• Rana Basheer

Mathematics of Love

Updated: Apr 13

While going through volumes and volumes of whatsapp message logs of my communication with my fiance, I had this realization that there is an interesting statistical pattern hidden in them. Essentially, the number of messages per day in those logs showed telltale signs of pareto distribution. The same distribution that you see in a lot of social data such as distribution of wealth, internet traffic sources, number of successful self published authors in Amazon etc. was present in our data too. The common thread among all these social data is that they follow the 80-20 rule whereby the majority of the effects are the result of a small set of sources. However, for human communication that doesn’t seem to explain the cause of this distribution. 


Word Cloud

Word Cloud


It all started last year when I began the paperwork that would enable my fiance to immigrate to US. Immigration and Naturalization Service (INS), who is the gatekeeper for all US immigration services, requires an extensive list of evidence to prove that our budding relationship is in fact legitimate. This involved providing them with logs of all our communication, travels, photos etc.. For a moderate chat users like us, one year of messaging has already resulted in more than 400 double sided A4 sheets of messages. This was after I had reduced the text size to 8pt font with zero spacing between lines. The hapless INS worker who is tasked with deciphering this mountain of messages is not going to get anywhere with it and is most likely to make a subjective decision about my relationship. I didn’t want to leave anything to chance and pounced upon ways to effectively present this data.

The first thing that came to my mind was the word cloud. It is essentially a visual representation of commonly used words in our communication where text size indicates their frequency. There are online services like Wordle that help you generate this cloud once you input the entire chat log. Typical things like love, hope, marriage, terms of endearment etc. dominates our word cloud. There is potential to develop a linear model that will output a conversation summary based on this cloud data. But I wasn’t satisfied with this form of representation alone. I wanted to dig deeper and look for some mathematical explanation that would explain my feelings for Neetha in an objective manner.

Next data point that piqued my interest was the number of messages that we generated per day. A plot of this data over a year’s time period is shown below.


Message Frequency

Messages per day over a period of one year


Clearly, three phases of our emerging relationship is visible in the above plot. First, we had the initial getting to know phase where we were very cautious about what we wrote. Each message was carefully crafted, thoroughly thought through and finally sent out hoping that it wouldn’t offend the other person in anyway. Once the familiarity has set in and our curiosity about the other person has reached its crescendo, we exchanged a flurry of messages sharing our life experiences, family history, people we know and so on.. Finally, in the third phase we settle down to a regular pattern where we are mostly sharing day to day activities, dreams about our future and a message frequency that is aware of our time constraints. This was the second objective data point that I wanted to use to impress this unknown INS worker who will decide our future but I wasn’t satisfied with just that..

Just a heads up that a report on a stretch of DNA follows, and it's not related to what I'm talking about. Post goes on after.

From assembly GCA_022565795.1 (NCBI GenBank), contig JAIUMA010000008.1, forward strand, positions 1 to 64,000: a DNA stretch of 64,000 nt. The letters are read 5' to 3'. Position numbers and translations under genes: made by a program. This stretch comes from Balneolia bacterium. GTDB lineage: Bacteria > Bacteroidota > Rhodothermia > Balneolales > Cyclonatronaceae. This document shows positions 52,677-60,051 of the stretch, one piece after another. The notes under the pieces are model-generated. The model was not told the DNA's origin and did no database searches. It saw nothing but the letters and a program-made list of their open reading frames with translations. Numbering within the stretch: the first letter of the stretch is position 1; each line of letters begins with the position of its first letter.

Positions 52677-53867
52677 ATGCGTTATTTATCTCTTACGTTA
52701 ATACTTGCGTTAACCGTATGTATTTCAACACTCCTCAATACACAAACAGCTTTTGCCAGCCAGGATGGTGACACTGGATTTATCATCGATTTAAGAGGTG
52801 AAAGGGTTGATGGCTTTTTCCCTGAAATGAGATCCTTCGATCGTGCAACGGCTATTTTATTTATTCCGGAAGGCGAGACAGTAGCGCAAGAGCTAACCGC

Message histogram

PDF of messages per day


The real fun was hidden a level deep in that messages per day data. On generating a histogram of this data, it became clear that there is a familiar distribution pattern observable in this data. The image to the left shows the empirically generated histogram of our message per day data shown in blue matched to a pareto distribution PDF plotted in red. A generalized pareto distribution is represented by three parameters: location parameter

For our data, the parameters for this pareto distribution were found to be


Kolmogorov-Smirnov test gave a p-value of 0.90 indicating a very close match between the data and pareto distribution.


cdf_match

CDF Match


Why Pareto?

The popular explanation for pareto dataset is that there is some form of 80-20 rule causing this distribution. However, in a conversation between two individuals, that doesn’t seem to be the cause for this distribution. The explanation that made more sense to me has lot to do with the phrase “Money makes more money”. What this means is that each additional dollar in pocket opens up more avenues to make money. In the context of human conversation between two people who are interested in each other, each message sows the seed for further communication between them. This is a perfect example of a runaway system in action. However, other factors such as sleep, hunger, job requirements etc.. limits the amount of messages they exchange every day. So the simple check to see the strength of communication between two individual would be a test for pareto. Further, we should be able to use the pareto index defined as

This idea is still nascent and I am struggling with its birthing pangs. The final idea is to polish these tests into a quick tool that would quantify any human interaction.

#immigration #INS #Love #Pareto

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